Actually, that’s kind of an understatement.
In the trailing two years, shares of General Electric have shed about 58% of their market value, vs. a broad market that’s rallied 28% higher over the same time frame. That’s pretty colossal underperformance — particularly for a blue chip so blue that it’s typically considered a “widow and orphan stock.”
But things could be changing for GE. Finally.
After systematically underperforming the rest of the market for more than two years now, GE’s price action is finally starting to show some signs of life.
Could GE become a buy this summer?
To figure that out, we’re turning to the charts for a technical look.
I haven’t been a fan of GE for a while now – the technical red flags started forming way back in early 2017, and they’ve only gotten worse in the intervening years.
Along the way, shares have been extremely technically obedient, selling off right on cue all the way down. But something important has changed more recently. Back in late April, GE was looking winded after bouncing higher at the start of 2019; with earnings on the horizon, I recommended selling a violation of $9 support.
Only that sell signal never happened. GE held $9, and shares have been building out a textbook bullish pattern ever since. With that context, it could finally be time to put GE back on your buy list this summer.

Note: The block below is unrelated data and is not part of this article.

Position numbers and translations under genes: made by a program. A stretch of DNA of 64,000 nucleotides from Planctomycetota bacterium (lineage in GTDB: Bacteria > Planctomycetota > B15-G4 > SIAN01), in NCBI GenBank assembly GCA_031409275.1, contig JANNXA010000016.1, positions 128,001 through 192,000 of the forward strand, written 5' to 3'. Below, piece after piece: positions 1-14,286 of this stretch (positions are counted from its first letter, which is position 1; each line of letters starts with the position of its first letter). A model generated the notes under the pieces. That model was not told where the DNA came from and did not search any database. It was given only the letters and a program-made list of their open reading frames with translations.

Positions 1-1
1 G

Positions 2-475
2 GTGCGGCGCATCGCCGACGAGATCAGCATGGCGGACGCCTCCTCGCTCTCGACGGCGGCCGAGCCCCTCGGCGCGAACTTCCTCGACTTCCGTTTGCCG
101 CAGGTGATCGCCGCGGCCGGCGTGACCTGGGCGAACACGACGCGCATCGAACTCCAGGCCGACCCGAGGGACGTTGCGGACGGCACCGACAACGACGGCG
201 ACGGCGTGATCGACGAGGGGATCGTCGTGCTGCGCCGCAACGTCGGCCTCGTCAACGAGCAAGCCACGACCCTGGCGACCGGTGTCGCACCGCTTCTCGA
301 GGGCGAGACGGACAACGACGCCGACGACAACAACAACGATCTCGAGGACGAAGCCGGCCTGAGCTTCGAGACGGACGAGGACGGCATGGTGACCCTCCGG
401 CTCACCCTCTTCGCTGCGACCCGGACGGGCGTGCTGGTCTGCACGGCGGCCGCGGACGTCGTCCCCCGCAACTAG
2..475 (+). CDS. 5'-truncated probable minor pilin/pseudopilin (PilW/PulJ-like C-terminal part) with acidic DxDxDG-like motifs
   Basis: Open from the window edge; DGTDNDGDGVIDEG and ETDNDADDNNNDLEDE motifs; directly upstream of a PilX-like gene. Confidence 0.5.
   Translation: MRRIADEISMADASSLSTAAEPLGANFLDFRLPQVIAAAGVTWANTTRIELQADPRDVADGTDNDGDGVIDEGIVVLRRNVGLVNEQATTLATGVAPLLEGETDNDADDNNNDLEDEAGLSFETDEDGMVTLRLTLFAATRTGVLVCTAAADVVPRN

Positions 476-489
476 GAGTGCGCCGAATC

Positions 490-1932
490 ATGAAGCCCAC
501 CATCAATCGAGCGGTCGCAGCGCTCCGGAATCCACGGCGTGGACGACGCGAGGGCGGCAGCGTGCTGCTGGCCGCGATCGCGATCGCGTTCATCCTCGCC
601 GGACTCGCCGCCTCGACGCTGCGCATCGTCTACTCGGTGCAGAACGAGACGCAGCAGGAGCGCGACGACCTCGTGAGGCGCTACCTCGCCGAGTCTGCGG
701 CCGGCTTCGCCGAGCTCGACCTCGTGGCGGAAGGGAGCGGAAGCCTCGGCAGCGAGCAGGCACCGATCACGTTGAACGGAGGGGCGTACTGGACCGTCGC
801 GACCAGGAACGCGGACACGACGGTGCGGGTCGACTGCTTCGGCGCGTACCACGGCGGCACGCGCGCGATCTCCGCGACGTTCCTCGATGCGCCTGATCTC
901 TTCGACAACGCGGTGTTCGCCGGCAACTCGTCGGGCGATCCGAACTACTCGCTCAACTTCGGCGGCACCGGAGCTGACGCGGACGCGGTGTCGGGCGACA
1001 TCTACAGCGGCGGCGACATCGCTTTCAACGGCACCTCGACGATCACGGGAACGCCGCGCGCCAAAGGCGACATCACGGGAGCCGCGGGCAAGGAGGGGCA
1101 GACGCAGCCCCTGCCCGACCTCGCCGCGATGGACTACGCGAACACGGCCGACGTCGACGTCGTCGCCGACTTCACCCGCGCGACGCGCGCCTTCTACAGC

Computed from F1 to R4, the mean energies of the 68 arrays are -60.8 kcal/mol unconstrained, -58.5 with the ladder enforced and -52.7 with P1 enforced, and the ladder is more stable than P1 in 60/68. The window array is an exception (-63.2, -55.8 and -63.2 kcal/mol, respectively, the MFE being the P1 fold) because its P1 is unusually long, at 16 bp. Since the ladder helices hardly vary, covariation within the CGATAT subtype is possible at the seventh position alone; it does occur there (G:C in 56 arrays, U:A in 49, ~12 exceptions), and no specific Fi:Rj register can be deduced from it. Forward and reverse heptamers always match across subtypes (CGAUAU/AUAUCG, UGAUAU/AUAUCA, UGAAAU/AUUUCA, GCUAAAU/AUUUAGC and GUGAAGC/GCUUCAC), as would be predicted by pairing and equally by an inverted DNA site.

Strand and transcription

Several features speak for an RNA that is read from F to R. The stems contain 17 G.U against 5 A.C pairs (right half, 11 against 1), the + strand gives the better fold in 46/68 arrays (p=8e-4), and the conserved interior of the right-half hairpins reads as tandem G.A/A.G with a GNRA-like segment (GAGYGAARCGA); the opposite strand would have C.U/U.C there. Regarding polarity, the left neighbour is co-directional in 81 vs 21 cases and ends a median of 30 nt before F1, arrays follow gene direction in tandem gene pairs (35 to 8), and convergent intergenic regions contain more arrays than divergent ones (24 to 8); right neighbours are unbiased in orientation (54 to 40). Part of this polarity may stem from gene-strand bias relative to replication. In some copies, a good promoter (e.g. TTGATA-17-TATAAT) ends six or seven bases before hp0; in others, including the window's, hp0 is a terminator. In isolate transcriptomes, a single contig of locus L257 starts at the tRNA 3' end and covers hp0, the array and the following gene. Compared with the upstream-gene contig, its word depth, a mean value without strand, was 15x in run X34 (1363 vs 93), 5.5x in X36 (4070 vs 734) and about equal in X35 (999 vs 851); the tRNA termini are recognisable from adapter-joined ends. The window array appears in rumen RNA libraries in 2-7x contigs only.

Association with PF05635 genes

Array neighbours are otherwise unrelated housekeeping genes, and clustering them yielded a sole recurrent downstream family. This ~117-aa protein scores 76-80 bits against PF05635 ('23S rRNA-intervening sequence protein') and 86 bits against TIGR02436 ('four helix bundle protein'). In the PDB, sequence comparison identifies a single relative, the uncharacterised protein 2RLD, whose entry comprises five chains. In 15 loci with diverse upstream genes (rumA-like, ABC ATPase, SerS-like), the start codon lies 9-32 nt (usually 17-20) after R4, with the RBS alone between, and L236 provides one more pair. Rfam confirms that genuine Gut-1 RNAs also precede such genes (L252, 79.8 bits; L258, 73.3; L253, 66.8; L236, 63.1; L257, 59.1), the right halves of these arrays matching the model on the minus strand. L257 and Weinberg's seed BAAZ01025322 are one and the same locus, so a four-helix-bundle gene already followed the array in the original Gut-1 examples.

Shares are currently forming a long-term ascending triangle pattern, a bullish continuation pattern that’s formed by horizontal resistance up at the $11 level, with uptrending support to the downside. Simply put, a breakout above $11 is the signal that buyers have taken back control of shares.
A move through $11 clears the way to prior highs set in 2018.
For the first time in a long time, relative strength, the side-indicator down at the bottom of the GE chart above, is setting higher lows. That’s an indication that GE is starting to systematically outperform the S&P 500, quite a feat as the big index makes new all-time highs.
With shares hovering just below the $11 level right now, it might make sense to take a small starter position here with plans to scale into a full-sized trade once $11 gets taken out – that’s how I’m playing it. Doing that comes with a bit more risk than waiting until the $11 breakout happens, but it also comes with more reward.
From there, a logical place to park a protective stop is the 200-day moving average. If the 200-day gets violated, then GE’s bullish price setup has been invalidated, and you don’t want to own it anymore.
It’s a little too early to be outright bullish on GE this summer. But from a risk/reward standpoint, this blue chip is finally looking attractive for the first time in a long time.
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